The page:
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Storing information
Iomega and its competitors are putting more data into smaller and smaller gadgets

It is hard to find one of those 5 1/4-inch floppies that came with the first personal computers, and 3 1/2-inch floppies are becoming passe. Two new data storage disks create interesting possibilities for computer users while dredging out some old anxieties.

Iomega's Clik! drive and miniature 40 megabyte disks give laptop, handheld PC and digital camera users a way to transfer and store files all in a portable drive the size of a TV remote control. A new drive configuration Iomega announced last week will be small enough to disappear inside a laptop's PCMCIA slot.Castlewood System's 2.2 gigabyte Orb drive, in internal and external varieties, adds a competitively priced storage option in the high-capacity disk arena.

The Deseret News tested both drives and was quickly faced with the same angst potential buyers will have, wondering if the devices will be broadly accepted or whether users will be confined to using the disks only in their own drive.

Such consternation is reminiscent of the days when consumers had to decide whether to buy beta-format video or the ultimately surviving VHS format. And don't forget the overlap between vinyl records, 8-tracks and audio cassettes, which inevitably left music buyers with an antiquated collection no matter which format they chose, after the compact disc came along.

The lifesaver in today's digital world is that consumers are growing accustomed to both the short life span of digital hardware and the portability of digital computer files -- whether music, text, photographs or something else.

Iomega's Clik! line competes with a number of products designed to give small devices more storage space. Flash memory has caught on with digital cameras and handheld PCs, for example, but Clik! provides an economical option for extra space.

Clik! disks are small enough to hide under a business card and provide 40 megabytes of storage for $9.99 each, when purchased in a 10-pack. Flash memory, on the other hand, runs anywhere from $4.50-$11 per megabyte, depending on the configuration purchased. IBM is rolling out a miniature 340 megabyte hard drive, called the Microdrive, which is even smaller than the Clik! drive. But each Microdrive sells for about $300, making it much more expensive to carry spares.

External Clik! drives are available in several configurations. The $249.99 digital camera bundle includes a FlashCompact and SmartMedia reader that snaps onto the Clik! drive and comes with photo printer software. Using the reader is an all-or-nothing proposition: Files cannot be moved onto the Clik! disk individually, so the disk must have enough room for a wholesale transfer of all of the files on the SmartMedia or compact flash card. Iomega also recommends saving photo files in JPG format; included PhotoPrinter software does not read TIF or GIF formats.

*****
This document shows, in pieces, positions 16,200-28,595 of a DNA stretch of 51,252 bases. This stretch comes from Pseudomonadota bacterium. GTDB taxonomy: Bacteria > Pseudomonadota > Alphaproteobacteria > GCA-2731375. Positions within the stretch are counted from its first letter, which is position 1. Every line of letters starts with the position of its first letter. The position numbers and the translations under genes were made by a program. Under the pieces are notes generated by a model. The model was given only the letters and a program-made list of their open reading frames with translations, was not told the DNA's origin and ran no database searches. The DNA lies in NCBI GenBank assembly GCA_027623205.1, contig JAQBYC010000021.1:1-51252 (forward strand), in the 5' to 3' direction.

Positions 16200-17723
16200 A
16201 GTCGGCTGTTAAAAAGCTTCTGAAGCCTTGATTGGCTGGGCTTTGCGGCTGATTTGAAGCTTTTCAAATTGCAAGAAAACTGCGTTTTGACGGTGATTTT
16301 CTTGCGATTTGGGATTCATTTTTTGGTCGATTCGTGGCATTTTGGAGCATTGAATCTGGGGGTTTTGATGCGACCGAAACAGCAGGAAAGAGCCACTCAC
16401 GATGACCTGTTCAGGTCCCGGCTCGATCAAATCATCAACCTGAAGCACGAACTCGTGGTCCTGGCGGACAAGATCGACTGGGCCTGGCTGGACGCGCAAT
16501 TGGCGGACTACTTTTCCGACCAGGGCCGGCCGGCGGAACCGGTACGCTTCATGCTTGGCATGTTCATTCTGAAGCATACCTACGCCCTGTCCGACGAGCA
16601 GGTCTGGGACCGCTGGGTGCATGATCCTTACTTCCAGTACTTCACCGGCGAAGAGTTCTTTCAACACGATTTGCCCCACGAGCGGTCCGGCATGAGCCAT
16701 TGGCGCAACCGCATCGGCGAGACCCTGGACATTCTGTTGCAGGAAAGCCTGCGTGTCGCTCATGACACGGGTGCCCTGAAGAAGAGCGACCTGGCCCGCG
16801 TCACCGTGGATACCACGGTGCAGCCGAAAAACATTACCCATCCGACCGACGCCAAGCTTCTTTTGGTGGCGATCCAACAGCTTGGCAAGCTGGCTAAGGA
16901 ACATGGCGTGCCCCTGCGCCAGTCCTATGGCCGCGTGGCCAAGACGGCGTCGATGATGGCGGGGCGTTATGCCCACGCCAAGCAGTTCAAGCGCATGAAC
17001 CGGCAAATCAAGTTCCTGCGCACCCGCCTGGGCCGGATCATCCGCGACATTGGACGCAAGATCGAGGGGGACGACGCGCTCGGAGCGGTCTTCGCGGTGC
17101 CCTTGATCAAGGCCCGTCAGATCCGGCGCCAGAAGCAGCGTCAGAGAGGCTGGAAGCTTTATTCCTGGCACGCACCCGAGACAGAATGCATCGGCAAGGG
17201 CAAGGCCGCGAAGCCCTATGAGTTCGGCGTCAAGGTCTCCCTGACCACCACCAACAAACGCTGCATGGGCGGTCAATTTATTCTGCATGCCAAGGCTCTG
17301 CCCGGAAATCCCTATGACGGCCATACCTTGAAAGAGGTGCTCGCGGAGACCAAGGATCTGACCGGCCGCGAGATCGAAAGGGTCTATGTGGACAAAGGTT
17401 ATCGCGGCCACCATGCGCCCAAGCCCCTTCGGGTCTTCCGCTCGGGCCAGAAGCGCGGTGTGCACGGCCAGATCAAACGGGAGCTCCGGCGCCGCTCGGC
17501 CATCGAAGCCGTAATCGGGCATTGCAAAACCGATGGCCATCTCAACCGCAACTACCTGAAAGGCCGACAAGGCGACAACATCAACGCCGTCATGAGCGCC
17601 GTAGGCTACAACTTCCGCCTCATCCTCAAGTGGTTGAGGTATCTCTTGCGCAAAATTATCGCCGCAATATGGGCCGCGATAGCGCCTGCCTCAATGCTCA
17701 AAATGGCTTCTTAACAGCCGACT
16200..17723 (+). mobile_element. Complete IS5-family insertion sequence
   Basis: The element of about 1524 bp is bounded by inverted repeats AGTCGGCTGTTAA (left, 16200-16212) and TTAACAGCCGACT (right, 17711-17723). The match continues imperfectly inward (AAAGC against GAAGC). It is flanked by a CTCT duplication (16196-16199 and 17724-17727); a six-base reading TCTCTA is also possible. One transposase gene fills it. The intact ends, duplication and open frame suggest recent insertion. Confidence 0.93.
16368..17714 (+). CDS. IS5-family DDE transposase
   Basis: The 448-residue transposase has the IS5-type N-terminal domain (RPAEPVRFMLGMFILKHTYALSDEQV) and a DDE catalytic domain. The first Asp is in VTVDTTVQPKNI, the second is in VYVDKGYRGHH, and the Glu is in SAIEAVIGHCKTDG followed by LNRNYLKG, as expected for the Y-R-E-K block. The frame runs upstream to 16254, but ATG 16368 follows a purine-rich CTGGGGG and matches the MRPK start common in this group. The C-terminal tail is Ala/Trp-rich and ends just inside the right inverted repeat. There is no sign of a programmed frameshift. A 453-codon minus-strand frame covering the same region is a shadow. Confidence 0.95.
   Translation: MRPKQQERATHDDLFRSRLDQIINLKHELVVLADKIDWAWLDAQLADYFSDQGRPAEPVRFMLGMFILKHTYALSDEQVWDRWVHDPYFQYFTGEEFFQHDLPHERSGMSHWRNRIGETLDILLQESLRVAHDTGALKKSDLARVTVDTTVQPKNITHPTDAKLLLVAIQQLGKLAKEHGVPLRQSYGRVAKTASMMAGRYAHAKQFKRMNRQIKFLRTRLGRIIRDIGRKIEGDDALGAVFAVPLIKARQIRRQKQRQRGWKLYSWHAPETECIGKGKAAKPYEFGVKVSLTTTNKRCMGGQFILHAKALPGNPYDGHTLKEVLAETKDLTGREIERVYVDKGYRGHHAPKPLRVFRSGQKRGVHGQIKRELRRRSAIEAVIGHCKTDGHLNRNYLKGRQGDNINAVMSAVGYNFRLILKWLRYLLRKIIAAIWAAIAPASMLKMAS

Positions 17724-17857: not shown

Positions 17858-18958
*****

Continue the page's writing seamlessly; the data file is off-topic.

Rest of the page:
Iomega sells a $199.95 configuration for mobile computer users that has a PC Card interface. Iomega's $299.95 Plus Bundle contains the pieces in both of the other options.

The external drive connects to a PC through a parallel port, using a pass-through connector so the printer can stay connected. Ironically, the parallel port cannot be shared with a Zip or other Iomega drive. A docking station allows reasonably convenient file swapping between the Clik! drive and a PC.

The Clik! drive's portability also makes it somewhat cumbersome. No fewer than nine pieces and cables come out of the Plus Bundle box, leaving the user to decide how many extra gadgets to carry when packing a digital camera or computing device.

Iomega's biggest breakthrough with Clik! was announced last week with its plans for a PCMCIA drive that slips inside the Type II PC slot found on most laptop computers. And since many laptops have two Type II PC slots, the drive can remain on-board without having to be swapped with other common PCMCIA devices like modems, LAN cards and flash memory cards.

Iomega is not yet promoting the PCMCIA drive for use in Windows CE-based handheld PCs because models now on the market may not have enough battery power to support the drive. On the other hand, Iomega won't rule out the possibility the PCMCIA Clik! drive could be used in a Windows CE device -- especially if the handheld is running with the AC power adapter attached.

Castlewood's 2.2 gigabyte ORB drive features disks that are roughly the same size as the 2 gigabyte disks in the mammoth competitor it is challenging: Iomega's Jaz line.

The EIDE internal ORB drive tested well as long as the computer's boot drive was also EIDE. Documentation doesn't tell you the internal EIDE drive will not work in a CPU that has a SCSI card -- something Castlewood acknowledges it is trying to correct.

Castlewood is currently shipping an external parallel ORB drive but also has ultra SCSI internal and external drives planned.

There are bigger drives. Much bigger. A company called OnStream has drives with removable disks in the 30 gigabyte and 50 gigabyte range. But the competition today is most active in the market where Castlewood is trying for a toehold.

Castlewood's approach in the challenge with Iomega is most visible in its pricing. Iomega's external-only 2 gigabyte Jaz drive sells for $349.95 with disks selling for $124.95 each or $299.95 for a three-pack. Castlewood is debuting an external parallel drive and an internal EIDE drive for $199.95, including one disk. Additional disks are priced at $29.95 apiece.